Caduceus (Gr.). The Greek poets and mythologists took the idea of the Caduceus of Mercury from the Egyptians. The Caduceus is found as two serpents twisted round a rod, on Egyptian monuments built before Osiris. The Greeks altered this. We find it again in the hands of Æsculapius assuming a different form to the wand of Mercurius or Hermes. It is a cosmic, sidereal or astronomical, as well as a spiritual and even physiological symbol, its significance changing with its application. Metaphysically, the Caduceus represents the fall of primeval and primordial matter into gross terrestrial matter, the one Reality becoming Illusion. (See Sect.Doct. I. 550.) Astronomically, the head and tail represent the points of the ecliptic where the planets and even the sun and moon meet in close embrace. Physiologically, it is the symbol of the restoration of the equilibrium lost between Life, as a unit, and the currents of life performing various functions in the human body.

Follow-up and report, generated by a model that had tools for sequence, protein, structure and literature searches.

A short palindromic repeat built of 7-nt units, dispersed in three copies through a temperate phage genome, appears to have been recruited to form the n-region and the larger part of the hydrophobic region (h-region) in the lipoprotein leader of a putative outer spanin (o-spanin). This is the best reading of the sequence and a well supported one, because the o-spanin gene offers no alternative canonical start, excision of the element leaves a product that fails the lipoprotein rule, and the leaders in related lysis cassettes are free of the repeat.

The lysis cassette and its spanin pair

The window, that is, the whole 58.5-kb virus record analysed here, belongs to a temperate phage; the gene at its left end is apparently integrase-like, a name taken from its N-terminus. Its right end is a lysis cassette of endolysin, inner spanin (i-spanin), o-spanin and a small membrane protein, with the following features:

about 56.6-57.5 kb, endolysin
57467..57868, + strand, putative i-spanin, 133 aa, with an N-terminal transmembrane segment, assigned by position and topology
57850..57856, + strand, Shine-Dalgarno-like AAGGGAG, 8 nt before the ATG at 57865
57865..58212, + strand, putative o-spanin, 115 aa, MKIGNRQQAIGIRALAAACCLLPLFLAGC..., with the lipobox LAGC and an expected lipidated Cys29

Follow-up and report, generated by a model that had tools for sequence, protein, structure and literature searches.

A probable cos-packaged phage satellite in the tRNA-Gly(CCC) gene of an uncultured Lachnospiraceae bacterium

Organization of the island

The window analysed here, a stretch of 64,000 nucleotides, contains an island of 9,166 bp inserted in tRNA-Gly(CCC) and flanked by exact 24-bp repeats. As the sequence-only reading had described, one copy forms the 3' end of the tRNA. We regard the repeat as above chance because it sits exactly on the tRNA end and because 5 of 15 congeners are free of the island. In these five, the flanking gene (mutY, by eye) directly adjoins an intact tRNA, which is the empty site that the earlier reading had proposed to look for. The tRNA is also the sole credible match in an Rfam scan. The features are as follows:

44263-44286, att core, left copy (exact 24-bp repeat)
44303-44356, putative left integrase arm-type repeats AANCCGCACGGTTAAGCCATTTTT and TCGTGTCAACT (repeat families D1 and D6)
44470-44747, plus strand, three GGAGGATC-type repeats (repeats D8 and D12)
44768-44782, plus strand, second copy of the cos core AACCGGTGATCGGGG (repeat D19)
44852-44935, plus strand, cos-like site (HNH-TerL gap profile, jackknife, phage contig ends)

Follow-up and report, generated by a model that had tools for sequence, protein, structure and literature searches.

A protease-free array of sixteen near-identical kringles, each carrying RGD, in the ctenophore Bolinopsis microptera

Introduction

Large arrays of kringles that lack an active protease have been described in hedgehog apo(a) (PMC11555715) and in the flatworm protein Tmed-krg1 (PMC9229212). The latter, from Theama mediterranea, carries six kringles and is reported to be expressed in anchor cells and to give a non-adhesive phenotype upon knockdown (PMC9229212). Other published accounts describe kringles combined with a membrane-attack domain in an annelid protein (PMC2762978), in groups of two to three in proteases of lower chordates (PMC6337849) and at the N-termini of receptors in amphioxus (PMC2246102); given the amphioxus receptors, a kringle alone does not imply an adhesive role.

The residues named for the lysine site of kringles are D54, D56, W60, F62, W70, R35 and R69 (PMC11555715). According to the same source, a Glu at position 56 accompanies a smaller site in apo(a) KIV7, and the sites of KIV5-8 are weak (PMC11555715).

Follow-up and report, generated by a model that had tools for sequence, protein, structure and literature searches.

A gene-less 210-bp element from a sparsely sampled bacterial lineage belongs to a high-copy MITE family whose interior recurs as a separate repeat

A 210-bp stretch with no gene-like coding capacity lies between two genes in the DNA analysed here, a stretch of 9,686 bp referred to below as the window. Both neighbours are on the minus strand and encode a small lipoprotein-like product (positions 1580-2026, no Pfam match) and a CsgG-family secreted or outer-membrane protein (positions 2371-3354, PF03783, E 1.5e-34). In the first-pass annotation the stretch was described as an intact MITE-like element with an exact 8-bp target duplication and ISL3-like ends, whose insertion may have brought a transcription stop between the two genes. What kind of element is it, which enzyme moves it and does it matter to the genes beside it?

Source: H.P.Blavatsky - The Theosophical Glossary